Today's Gospel concerns "a man named Zaccheus, which was the chief among the publicans, and he was rich." In this context, of course, a publican is not the owner of a pub, but rather a tax collector. For this reason was Zaccheus despised by the Jews as a sinner and an outcast, a traitor to his own people, a vile collaborator who conspired with the Romans to oppress the Jewish people by means of extortion and violence. A tax collector in those days could, indeed--like a modern day Mafia don--force people to pay over and beyond what was actually due to the government, pocketing the difference for himself. For this reason was Zaccheus considered by the Jewish elders to be beyond redemption.
Nevertheless, both St. John the Baptist and our Lord Jesus Christ begin their ministries with the words, "Repent, for the Kingdom of God is at hand!" The call to repentance--to "turn again"-- is indeed at the core of our Christian Faith. The whole of our earthly life, in fact, should be devoted not to vain and frivolous pursuits, but rather to an ongoing struggle for genuine repentance--to make a 180 degree turn from the darkness of our egotistic desires and sinful passions to the light of God's redeeming grace.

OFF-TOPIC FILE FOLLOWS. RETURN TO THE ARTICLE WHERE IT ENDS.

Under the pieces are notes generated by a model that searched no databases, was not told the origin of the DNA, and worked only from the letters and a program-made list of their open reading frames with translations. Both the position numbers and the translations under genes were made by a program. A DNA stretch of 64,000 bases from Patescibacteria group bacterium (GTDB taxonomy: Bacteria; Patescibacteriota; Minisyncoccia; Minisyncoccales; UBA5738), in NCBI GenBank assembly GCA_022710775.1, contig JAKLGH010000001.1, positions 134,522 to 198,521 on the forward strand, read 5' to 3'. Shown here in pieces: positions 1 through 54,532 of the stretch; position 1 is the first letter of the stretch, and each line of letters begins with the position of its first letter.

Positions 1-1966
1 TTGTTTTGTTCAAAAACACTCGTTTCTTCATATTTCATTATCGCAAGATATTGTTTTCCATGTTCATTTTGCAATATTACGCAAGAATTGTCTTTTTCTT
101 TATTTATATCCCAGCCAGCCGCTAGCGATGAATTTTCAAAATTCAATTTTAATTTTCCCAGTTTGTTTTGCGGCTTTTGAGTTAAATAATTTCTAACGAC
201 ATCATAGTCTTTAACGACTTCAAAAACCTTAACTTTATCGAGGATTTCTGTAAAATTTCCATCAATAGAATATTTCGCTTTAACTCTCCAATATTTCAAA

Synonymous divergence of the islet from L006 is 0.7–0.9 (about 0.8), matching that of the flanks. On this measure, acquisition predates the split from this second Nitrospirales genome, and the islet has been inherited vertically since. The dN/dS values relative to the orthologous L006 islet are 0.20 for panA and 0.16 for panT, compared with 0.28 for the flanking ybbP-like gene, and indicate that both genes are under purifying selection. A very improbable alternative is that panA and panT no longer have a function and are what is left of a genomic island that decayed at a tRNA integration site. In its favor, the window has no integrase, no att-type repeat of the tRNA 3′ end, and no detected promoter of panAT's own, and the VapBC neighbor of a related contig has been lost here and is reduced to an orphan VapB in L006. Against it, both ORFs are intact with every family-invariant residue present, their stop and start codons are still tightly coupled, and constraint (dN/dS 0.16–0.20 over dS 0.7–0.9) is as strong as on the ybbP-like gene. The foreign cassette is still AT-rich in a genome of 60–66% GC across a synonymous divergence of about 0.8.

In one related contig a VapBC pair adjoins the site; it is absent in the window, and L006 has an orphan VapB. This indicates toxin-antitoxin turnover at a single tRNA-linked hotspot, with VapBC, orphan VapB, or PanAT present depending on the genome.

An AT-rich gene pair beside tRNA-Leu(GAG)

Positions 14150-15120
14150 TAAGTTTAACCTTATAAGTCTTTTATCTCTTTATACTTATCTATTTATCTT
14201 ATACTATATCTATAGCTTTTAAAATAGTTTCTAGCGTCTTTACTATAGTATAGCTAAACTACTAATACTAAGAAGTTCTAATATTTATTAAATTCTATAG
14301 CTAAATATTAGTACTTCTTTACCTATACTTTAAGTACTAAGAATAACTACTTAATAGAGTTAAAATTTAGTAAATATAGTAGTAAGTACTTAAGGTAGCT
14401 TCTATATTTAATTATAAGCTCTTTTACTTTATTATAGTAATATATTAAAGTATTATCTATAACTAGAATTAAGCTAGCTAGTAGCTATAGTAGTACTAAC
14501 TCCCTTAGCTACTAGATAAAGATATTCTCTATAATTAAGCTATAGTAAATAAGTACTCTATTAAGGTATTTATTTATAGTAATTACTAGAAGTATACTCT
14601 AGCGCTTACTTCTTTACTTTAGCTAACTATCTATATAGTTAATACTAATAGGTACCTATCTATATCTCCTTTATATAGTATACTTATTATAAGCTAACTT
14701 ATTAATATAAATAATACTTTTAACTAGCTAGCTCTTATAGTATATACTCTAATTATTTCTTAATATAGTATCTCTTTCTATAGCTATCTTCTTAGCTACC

So it is that Zaccheus--inspired by divine grace--sincerely repents, promising to give half his goods to the poor, while restoring fourfold whatever he had unlawfully taken from his victims. And so Jesus declares, "This day is salvation come to this house, forasmuch as he also is a son of Abraham. For the Son of Man is come to seek and to save that which is lost." As in the Gospel parable, our Lord willingly leaves the ninety-nine sheep in order to save the one that was lost (over whom the angels in heaven rejoice).
"By grace we are saved," writes the Holy Apostle, and indeed--apart from the grace of God, no man living can be made worthy of eternal life in God's heavenly Kingdom. "For God desires not the death of a sinner, but rather that the sinner should turn from his way and live."
Yet there is nothing magical or automatic about salvation. Even sinners such as you and I can be saved--but only if we strive and struggle in this earthly life to be made worthy of this grace. Zaccheus, after all, sought to see Jesus. He ran before, and climbed up into a sycamore tree. And finally, at our Lord's behest, he made haste and came down, and received Him joyfully. And having done so, he stood and confessed to Jesus his willingness to renounce his sinful life.
And so--while it was by the grace of God that Zaccheus was saved--it was only through his own freely-chosen efforts that this grace could penetrate his stony heart. We are, indeed, saved by grace, but unless we open our hearts to receive this grace, ever striving to purify our hearts of every sinful passion and to fulfill the Gospel commandments, we will in the end be cast into that place of outer darkness, where there will be weeping and gnashing of teeth.